Jewish World Review May 6, 2005 / 27 Nisan, 5765
Veggie porn in school?
The sex educators in Montgomery County, Md., have devised a film
for 10th-graders that features a young lady putting a condom on a cucumber.
You do wonder, when you read about these things, why they stop there.
After all, if the assumption is that kids are too stupid to know
how to unroll a condom unless it is demonstrated for them, then why would
they be smart enough to know that it goes on a penis and not on the contents
of the vegetable bin in the refrigerator?
But guess what? They are indeed worried about that. Wendy
Shalit, in a City Journal piece dating from 1998, described a New York
teacher's guide that urged ninth-grade health teachers to unroll condoms and
stretch them out onto "two fingers."
A "teacher's note" reads, "Make sure that learning disabled and
all students understand that a condom goes on the erect penis, and not on
the fingers as demonstrated." It's impossible to satirize these people. For
this, we are taking valuable class time away from American history,
literature and science?
Most states derive their sex-ed curricula, in whole or in part,
from the Sexuality Information and Education Council of the United States, a
group with a decidedly liberal view of these matters. SIECUS promotes sex ed
starting in kindergarten, when children should be taught the proper names
for body parts and the difference between good touch and bad touch.
In New York, kindergarteners also learn the difference between
transmissible and non-transmissible diseases, the terms HIV and AIDS, and
that "AIDS is hard to get." But the 5- and 6-year-olds are not left in the
dark. Teachers tell them how people get AIDS, along with the information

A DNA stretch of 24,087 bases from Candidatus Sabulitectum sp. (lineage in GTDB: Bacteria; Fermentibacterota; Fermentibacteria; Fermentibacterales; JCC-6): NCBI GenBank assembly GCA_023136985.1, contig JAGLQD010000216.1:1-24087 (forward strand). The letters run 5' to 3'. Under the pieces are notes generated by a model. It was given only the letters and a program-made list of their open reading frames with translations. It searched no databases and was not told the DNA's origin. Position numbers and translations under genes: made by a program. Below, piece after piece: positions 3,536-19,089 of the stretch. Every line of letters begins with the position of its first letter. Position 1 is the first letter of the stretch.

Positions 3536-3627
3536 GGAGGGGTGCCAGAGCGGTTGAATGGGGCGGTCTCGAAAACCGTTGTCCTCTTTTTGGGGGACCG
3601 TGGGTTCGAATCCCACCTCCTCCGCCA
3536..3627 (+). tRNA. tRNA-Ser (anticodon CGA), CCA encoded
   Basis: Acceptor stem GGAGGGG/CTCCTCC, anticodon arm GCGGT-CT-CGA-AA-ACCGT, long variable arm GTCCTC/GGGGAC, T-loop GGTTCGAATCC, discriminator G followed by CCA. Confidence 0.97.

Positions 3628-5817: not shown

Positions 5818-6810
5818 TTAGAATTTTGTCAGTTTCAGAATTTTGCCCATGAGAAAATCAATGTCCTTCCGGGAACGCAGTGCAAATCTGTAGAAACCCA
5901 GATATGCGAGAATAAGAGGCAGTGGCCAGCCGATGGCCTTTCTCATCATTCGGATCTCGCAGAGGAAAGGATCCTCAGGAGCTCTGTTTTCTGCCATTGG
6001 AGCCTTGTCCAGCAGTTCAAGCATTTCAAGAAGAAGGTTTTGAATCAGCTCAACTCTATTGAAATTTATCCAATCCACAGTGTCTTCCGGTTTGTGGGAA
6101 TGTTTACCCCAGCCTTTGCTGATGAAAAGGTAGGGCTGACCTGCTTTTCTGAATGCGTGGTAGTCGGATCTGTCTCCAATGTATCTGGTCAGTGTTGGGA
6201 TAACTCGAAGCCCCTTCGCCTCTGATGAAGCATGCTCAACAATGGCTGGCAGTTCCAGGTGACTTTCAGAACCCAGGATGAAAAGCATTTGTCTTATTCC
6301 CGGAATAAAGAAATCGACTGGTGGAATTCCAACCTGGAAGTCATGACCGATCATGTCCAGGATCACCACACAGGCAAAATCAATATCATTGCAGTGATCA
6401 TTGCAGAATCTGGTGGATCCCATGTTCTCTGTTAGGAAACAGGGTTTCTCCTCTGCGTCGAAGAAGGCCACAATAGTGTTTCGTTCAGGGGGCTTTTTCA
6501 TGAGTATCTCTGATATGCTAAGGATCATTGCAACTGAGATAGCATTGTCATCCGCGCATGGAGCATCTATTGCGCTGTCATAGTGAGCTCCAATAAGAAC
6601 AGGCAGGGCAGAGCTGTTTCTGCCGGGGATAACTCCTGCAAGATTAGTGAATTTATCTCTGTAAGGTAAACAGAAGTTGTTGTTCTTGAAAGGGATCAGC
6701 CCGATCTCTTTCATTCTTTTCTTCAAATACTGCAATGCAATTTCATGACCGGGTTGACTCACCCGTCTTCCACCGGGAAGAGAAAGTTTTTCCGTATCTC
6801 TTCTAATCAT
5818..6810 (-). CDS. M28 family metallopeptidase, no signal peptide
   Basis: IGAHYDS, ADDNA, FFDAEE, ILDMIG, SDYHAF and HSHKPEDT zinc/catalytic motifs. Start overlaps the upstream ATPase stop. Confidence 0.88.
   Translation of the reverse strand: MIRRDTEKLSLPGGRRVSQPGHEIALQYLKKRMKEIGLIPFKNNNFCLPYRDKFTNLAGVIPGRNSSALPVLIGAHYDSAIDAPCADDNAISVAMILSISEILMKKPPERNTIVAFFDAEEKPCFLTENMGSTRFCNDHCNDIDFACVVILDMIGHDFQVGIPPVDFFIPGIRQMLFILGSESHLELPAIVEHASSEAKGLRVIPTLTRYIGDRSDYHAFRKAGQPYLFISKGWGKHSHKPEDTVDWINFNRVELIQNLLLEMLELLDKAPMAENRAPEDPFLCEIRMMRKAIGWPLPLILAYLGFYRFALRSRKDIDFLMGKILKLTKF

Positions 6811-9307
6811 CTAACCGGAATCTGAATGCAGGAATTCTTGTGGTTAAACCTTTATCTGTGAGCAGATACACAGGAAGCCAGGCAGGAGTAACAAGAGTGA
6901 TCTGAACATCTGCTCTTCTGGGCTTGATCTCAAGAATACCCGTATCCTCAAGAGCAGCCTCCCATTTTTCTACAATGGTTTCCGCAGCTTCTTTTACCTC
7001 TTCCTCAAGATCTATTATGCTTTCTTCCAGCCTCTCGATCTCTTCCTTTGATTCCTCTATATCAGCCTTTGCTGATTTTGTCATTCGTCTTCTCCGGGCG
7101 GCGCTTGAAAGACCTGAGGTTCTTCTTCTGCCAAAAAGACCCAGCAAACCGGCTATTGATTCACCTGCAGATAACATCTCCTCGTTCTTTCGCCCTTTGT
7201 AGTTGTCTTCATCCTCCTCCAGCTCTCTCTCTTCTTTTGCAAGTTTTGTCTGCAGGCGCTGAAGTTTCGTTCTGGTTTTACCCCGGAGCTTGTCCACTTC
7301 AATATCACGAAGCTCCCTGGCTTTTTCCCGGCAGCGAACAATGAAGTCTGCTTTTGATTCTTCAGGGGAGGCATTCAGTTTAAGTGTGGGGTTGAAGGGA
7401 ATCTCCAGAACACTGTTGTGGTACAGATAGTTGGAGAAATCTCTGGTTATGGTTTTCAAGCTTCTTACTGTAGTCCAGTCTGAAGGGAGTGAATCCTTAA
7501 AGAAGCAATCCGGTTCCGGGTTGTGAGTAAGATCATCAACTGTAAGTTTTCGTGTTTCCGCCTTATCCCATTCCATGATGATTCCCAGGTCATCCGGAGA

that "it feels good to touch parts of the body."
I wonder: Do even New York parents want their kindergarteners
instructed on the mechanics of HIV transmission and offered early initiation
into the pleasures of sexual touching?
Montgomery County was sued by two parent groups. It wasn't just
the erect cucumber to which the parents objected. The school board was
modifying its sex-ed curriculum (already a document spanning 14 pages) in
ways that even that Kerry-supporting, nuclear-free, recycling county found
hard to take.
At one time, the new curriculum was going to feature information
on flavored condoms. There's something that will help the trade deficit! The
cheery young lady who protects the cucumber also advises her audience of 14-
and 15 year-olds that abstinence is the surest way to prevent pregnancy,
but, "Buying condoms isn't as scary as you might think."
Read that, and then try to take seriously the sex educators'
claim that they are merely providing information for teens not
encouraging early sexuality. It's impossible to know how much of an effect
sex ed has on kids' decisions, but it is interesting that even SIECUS
acknowledged back in the '90s that sex ed had not succeeded in reducing teen
pregnancy or sexually transmitted diseases at all.
Indeed, as Shalit observes, it's possible to make at least a
prima facie case that sex ed may have done the reverse. A 1991 study in
Family Planning Perspectives found that instruction on contraceptives was
"significantly correlated with an earlier onset of sexual activity."
If sex ed were merely the birds and the bees, anatomy and a few
cautionary notes about sexually transmitted diseases, even most
traditionally minded parents would not object. But quite often the sex
educators are much more ambitious. Montgomery County's school board also
proposed (before backing down in the face of protest) to teach kids that
homosexual experimentation was normal. Even the revised curriculum still
contains tendentious statements like, "Most experts in the field have
concluded that sexual orientation is not a choice," and, "American families
are becoming more complex, and the greater variety of households encourages
open mindedness in society."
Middle- and high-schoolers would further be invited to explore
their own sexual identity. They'd be introduced to the idea of transgendered
individuals and advised that "biology is not destiny."
It took a lawsuit to suspend the march of this brave new world
in Montgomery County. A federal judge ruled on May 5 to grant a 10-day
restraining order against the school board.
Do you know what's happening at your child's school?
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